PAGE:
They say the first step to getting yourself out of a hole is to stop digging. At Sanofi, company officials may believe the first step is to fortify and refortify the hole.
This month, Sanofi filed a patent lawsuit against fellow drugmaker Merck & Co. to block the latter company from releasing a biosimilar insulin that is supposed to copycat Lantus, according to a FiercePharma report. If this sounds familiar to you, it’s because Sanofi filed a similar lawsuit against Lilly in 2014; that suit was eventually settled in 2015.
Lantus is Sanofi’s cornerstone product, a popular long-acting insulin that has been steadily losing marketshare in the face of increased basal insulin competition. For a period of time, Sanofi was able to raise the price of Lantus at will and see their profits rise, but that party began to end in 2015 as insurance payors pushed back against price hikes and Lantus’ marketshare was under siege from increased basal insulin competition.
Sanofi first tried defending its position by suing Lilly to block release of a biosimilar. This had the effect of freezing the release of Lilly’s insulin in the U.S. Sanofi lawyers were eventually able to wring concessions from Lilly, including future royalties and the promise not to sell the biosimilar until the end of 2016.
Such a move, while it did little to help Sanofi’s public standing, made sense to buy time for Sanofi to establish its new basal insulin formula, Toujeo, which was released in April 2015. However, Toujeo sales have failed to take off, especially as Sanofi has stubbornly refused to discount the drug during its initial rollout. Meanwhile, payors are getting even more tired of Lantus prices; CVS Health announced in August it was dropping Lantus from its formulary, according to FiercePharma.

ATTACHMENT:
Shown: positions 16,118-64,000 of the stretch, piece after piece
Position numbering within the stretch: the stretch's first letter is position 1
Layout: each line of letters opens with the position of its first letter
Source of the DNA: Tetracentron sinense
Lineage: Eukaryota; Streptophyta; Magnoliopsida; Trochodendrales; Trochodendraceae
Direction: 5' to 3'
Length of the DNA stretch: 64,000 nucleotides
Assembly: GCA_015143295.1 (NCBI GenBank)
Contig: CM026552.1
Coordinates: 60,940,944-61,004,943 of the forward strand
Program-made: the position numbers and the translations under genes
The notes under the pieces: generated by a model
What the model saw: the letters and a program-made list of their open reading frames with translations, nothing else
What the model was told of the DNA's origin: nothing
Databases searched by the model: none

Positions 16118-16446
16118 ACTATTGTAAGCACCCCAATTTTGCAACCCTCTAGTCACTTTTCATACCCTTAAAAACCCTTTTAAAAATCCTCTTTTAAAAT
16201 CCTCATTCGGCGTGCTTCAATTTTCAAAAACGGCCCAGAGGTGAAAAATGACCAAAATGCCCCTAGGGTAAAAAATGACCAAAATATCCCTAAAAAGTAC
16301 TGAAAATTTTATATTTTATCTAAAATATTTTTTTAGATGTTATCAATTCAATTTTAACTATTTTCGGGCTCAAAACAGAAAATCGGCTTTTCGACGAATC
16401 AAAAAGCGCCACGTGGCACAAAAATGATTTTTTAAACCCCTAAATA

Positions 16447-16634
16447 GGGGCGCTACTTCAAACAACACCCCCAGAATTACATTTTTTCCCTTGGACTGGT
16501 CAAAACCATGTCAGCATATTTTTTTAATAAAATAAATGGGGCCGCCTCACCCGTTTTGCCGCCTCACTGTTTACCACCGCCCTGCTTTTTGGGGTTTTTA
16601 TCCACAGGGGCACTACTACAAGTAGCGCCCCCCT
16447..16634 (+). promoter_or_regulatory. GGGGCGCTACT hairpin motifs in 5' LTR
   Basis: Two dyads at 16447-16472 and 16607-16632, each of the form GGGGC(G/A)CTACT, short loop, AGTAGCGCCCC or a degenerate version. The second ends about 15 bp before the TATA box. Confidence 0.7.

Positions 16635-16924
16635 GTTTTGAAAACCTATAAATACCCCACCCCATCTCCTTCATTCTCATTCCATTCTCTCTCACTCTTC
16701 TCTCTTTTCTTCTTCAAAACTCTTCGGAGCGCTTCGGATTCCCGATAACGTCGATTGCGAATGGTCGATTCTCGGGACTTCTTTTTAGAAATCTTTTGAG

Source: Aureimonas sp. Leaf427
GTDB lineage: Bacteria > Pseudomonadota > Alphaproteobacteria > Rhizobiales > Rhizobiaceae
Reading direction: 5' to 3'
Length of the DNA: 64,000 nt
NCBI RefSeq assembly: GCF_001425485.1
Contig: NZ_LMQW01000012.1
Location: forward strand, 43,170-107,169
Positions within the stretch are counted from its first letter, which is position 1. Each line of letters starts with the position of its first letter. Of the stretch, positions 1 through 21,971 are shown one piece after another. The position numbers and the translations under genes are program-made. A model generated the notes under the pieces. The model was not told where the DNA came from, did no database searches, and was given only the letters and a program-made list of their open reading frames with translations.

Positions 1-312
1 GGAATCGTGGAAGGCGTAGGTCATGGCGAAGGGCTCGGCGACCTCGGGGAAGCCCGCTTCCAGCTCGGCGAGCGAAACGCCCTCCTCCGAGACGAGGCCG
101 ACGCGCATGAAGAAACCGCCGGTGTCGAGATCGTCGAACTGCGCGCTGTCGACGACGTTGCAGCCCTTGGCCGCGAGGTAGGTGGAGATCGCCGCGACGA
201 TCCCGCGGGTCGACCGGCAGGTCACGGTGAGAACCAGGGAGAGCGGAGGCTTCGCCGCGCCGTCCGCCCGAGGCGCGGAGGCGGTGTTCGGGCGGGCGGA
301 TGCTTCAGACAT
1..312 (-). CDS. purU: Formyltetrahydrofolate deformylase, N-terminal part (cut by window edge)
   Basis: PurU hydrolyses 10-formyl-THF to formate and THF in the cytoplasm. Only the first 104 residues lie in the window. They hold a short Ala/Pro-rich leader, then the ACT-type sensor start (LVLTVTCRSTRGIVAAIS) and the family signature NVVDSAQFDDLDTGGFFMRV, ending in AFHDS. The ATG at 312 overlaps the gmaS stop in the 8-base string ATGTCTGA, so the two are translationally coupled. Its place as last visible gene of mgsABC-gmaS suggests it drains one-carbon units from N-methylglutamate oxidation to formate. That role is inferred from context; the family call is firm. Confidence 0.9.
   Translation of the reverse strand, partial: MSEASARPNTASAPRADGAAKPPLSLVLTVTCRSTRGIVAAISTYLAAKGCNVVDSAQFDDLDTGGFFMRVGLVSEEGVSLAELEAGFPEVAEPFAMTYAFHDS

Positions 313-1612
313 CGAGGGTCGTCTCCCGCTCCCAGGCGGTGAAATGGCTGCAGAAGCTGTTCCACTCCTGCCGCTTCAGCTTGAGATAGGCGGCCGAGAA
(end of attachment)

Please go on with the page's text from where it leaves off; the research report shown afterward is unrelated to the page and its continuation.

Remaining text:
If the Lilly lawsuit was a delaying tactic, the Merck lawsuit feels more like a shakedown. Sanofi officials can’t reasonably think that Toujeo sales will suddenly take off with a bit more time, and they haven’t made any rumblings about having a better insulin tucked away in their pipeline. This move might just be an effort to get Merck to agree to pay royalties like Lilly did.
That may be good for the bottom line, but this seems like the wrong time to pull a digging-in-your-heels move like this. As evidenced by the Mylan EpiPen hearings, politicians right now are out for the blood of pharma execs who may be price gouging to keep up stock shares. The mainstream press is already casting around for a new drug company villain, and several reporters have begun analyzing inexplicable insulin price increases to see if the insulin industry is behaving like Mylan.
(Btw, reporters, welcome to the party.)
As usual, however, the real loser, at least in the short term, is the insulin user. By filing the lawsuit, Sanofi slows, if not blocks, the sale of a generic basal insulin that would have helped lower out-of-control prices. Let’s hope in the long run, insulin company execs get the message that this kind of move will no longer fly.
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